Has your given name influenced how you see yourself?
As a young child, I heard a name that stuck with me. When I was ten years old my Grandpa told me about one of his childhood classmates.
Her name was: Callie Clarisis Cinderella Tibytha Tibora Altricia Berdett.
My sister and I laughed, and then spent time memorizing it. Every day since, my sister has called me “Callie,” and her children and their children call me Aunt Callie. My two oldest friends also call me “Callie.”
When I was growing up my class was full of girls answering to: Linda, Susan, Barbara and Kathy. Today unique names are very popular.
In a quick search of “famous people with my name,” I discovered:
• Clarice Lispector, a Brazilian novelist and short story writer
• Clarice Cliff, an English ceramic artist
• Clarice Kennedy, an Australian athlete
Of course, I can also find films that placed “Clarice” in major or minor roles, but rarely appealing. For example Clarice was Rudolph the Red Nose Reindeer’s girlfriend, and in Sleepless in Seattle, we see just a flash of Clarice as the eccentric babysitter.
Has your name influenced how you see yourself?
I have two grandchildren who redefined their names as third graders: Elizabeth Jane (we called her “Ellie”) decided to go by “Elizabeth.” Ayden Kai (we called him “Ayden”) decided to go by “Kai.”
Their decision gave me courage to ask my grandchildren to call me “Grandma Callie.”
We can let our given names impact who we are -- for better or worse. Through the years I’ve received comments like:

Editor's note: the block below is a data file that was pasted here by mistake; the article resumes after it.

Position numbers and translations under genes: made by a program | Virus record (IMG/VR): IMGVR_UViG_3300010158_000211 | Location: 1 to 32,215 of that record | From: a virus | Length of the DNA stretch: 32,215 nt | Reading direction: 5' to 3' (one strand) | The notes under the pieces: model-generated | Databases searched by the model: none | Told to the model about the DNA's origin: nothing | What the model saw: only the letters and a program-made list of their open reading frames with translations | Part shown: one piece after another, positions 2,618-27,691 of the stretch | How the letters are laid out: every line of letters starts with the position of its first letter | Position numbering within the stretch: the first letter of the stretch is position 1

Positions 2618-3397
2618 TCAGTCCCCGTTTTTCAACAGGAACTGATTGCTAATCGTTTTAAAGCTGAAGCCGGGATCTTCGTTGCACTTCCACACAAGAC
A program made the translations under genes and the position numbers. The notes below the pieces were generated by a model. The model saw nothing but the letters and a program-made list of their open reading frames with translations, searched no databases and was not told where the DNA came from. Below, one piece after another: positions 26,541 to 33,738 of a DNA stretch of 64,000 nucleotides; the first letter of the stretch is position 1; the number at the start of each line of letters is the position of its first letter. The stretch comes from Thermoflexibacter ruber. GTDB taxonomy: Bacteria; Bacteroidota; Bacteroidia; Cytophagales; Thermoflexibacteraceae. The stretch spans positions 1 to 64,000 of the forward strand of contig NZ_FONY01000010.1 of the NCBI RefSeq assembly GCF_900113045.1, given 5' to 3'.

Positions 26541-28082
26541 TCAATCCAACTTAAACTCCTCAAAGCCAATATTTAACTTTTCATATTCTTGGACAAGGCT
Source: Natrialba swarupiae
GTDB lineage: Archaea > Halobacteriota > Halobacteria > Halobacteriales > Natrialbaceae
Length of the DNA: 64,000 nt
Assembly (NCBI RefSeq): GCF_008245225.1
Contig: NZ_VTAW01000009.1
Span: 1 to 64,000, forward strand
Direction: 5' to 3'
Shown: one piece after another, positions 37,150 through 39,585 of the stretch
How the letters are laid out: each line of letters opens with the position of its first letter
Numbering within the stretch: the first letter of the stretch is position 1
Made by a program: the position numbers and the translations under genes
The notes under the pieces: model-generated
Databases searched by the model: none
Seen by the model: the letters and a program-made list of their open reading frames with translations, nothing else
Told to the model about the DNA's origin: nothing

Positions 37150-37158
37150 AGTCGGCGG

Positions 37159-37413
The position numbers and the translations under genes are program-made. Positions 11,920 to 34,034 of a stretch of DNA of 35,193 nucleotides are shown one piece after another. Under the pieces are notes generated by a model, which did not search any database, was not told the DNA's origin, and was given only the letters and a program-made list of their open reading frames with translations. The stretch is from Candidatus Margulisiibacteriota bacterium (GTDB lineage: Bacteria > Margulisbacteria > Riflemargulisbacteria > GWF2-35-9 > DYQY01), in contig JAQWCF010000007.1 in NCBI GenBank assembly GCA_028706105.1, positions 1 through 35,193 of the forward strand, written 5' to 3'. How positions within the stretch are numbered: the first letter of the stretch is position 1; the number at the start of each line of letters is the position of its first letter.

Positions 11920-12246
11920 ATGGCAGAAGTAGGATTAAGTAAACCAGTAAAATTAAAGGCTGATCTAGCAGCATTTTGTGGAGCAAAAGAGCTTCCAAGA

“Hmmm. Clarice? What do people call you?”
“So… is that a family name?”
More often it is simply a mispronouncing (Claris) or forgetting altogether. Each meet-and-greet occasion reminds me that my name comes with images. I suppose that is true for many, whether the image is positive or not.
In Bob Goff’s devotional, Live in Grace. Walk in Love, he address this temptation to let others define us. His words nudged me to look at how others’ view of me (beginning with my name) has tempered who I am, and not always in a good way.
These quotes may be worth your meditation, too:
“God never looked in your mirror and wished he saw someone else.”
“He (God) said you and I were made in His image, with all the wonderful variety that includes. God made some of us sensitive and others analytical, some slender and some burly, some soft-spoken and some rambunctious.”
“If God wanted you to be like other people, He would’ve made us all the same. God chose to surprise us with different parts of His character and personality by showing part of Himself through you, through me, and even the people who occasionally drive us nuts.”
“Be yourself and let others be themselves –
because that’s the starting point of God’s love. “
I invite you to join me in considering whose view most influences how we see ourselves -- people or God?
From your name to your character, is there a part you want to embrace today and another part you want to change? Sometimes it just takes the courage of a child.